Over the past several years more Protestant theologians have been protesting what has traditionally been considered the formal principle of Protestantism–sola scriptura.
Insofar as I understand him correctly, Gerald McDermott criticizes me for upholding it in his article about evangelicals in First Things (about which I posted here recently). Yesterday (April 9) I heard evangelical historian par excellence Mark Noll talk about it.
Noll is hardly the only evangelical Protestant raising questions about the viability of sola scriptura. I’m only picking on him here because I heard him yesterday. What he said resonates with others’ criticisms of that formal Protestant principle–at least as it has been interpreted and applied especially by Baptists and other free church evangelicals. Tom Oden and D. H. Williams and many others have raised serious questions about it.
In his talk “The Place of the Bible in the Modern Christian University” (the culminating lecture of Baylor University’s conference celebrating of the 400th anniversary of the King James Bible) Noll posited that sola scriptura, combined with right of private judgment (a la Luther’s declaration at the Diet of Worms), undermines a vigorous life of the mind and especially academic excellence in a university setting. It leads to doctrinal chaos (he mentioned Dorothy Sayers without specifically naming her book Creed or Chaos?) and a distinct lack of intellectual vitality.
He especially blamed Baptists (in his inimitably nice way) for taking this Protestant principle to its logical conclusion and combining it with a radical notion of the priesthood of every believer called “soul competency.” The result, he suggested, is a distinct lack of Baptist creativity in engagement with culture and especially the arts and sciences.
Noll argued before a largely (but not exclusively) Baptist audience that necessary for intellectual vitality in a Christian setting is some hermeneutical tradition that gives shape, color and depth to Christian thought and guides interpretation of the Bible so that it does not devolve into radical individualism. He named numerous Baptist theologians and scholars who go off in all sorts of directions and have nothing in common other than adherence to Baptist principles which, apparently, are too shallow to give shape, color and depth to a faithful engagement with culture.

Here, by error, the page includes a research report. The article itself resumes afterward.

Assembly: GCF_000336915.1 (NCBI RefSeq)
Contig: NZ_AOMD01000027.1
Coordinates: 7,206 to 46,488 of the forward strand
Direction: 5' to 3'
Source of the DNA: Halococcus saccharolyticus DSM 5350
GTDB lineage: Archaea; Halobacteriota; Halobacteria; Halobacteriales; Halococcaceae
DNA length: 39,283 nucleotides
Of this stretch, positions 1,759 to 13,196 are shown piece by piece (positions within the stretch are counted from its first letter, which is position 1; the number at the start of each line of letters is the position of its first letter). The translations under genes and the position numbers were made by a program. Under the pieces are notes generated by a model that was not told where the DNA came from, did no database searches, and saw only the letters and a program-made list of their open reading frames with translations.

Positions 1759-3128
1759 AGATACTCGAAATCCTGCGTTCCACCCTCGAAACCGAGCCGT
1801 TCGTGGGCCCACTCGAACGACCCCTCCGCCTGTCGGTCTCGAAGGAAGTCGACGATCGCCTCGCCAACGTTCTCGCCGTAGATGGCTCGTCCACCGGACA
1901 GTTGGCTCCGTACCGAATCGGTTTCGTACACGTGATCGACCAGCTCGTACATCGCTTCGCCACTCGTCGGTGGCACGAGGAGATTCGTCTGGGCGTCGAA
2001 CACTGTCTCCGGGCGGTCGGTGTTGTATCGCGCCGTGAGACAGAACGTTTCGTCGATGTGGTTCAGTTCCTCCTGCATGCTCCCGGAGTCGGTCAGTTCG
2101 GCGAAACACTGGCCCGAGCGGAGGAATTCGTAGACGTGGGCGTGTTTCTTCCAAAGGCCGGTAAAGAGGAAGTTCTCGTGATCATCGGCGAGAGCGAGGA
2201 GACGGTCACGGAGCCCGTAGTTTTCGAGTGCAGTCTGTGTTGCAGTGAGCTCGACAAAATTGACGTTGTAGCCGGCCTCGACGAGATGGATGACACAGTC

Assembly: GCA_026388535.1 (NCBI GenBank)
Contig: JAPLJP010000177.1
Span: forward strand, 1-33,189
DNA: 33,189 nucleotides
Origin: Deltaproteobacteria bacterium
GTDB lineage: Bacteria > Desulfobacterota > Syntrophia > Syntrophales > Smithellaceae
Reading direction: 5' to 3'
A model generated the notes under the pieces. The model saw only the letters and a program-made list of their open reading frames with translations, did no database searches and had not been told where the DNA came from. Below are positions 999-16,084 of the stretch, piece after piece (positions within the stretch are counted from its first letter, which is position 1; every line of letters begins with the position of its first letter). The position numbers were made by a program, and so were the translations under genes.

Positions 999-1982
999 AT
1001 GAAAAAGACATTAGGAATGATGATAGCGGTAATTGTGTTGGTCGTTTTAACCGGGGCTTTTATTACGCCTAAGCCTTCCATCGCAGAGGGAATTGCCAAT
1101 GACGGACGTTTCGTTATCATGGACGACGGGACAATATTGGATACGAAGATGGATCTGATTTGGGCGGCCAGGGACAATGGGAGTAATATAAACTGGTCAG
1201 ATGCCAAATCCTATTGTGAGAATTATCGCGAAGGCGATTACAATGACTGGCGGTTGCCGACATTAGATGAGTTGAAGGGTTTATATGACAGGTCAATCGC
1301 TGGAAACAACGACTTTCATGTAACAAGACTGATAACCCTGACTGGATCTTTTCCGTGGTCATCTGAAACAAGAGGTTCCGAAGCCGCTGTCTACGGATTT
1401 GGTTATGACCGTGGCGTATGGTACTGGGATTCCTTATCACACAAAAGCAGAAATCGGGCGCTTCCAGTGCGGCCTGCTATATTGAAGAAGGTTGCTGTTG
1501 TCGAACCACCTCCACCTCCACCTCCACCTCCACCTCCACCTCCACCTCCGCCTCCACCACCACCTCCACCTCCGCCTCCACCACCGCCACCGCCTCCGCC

Apparently (and I admit I am interperting Noll here because his argument and explanation was not as clear and precise as I would have wanted it to be) Noll thinks sola scriptura means (at least to Baptists) “Bible alone”–to the exclusion of all other authorities. And apparently he thinks soul competency means every man’s hat is his own church–that each individual can make up his or her own Christianity without consideration of any authority including the community of faith.
Admittedly, some Baptists (and others) interpret these principles in those ways. But I don’t hold Noll and other Presbyterian intellectuals responsible for the folk beliefs of Presbyterians and I hope he won’t hold all Baptists responsible for the folk religion so prevalent among Baptists (and other free church Protestants).
What do I mean? Well, I served as youth pastor of a Presbyterian congregation for three years. It was a relatively liberal church, but very liturgical and steeped in tradition. But it was a ritualistic liturgy and empty tradition–both shells of what may have once been living embodiments of a great Protestant tradition. The Baptist church two blocks away was much more vibrant and engaged with the community. Our Presbyterian church was no more intellectual or inclined towards that than the nearby Southern Baptist church.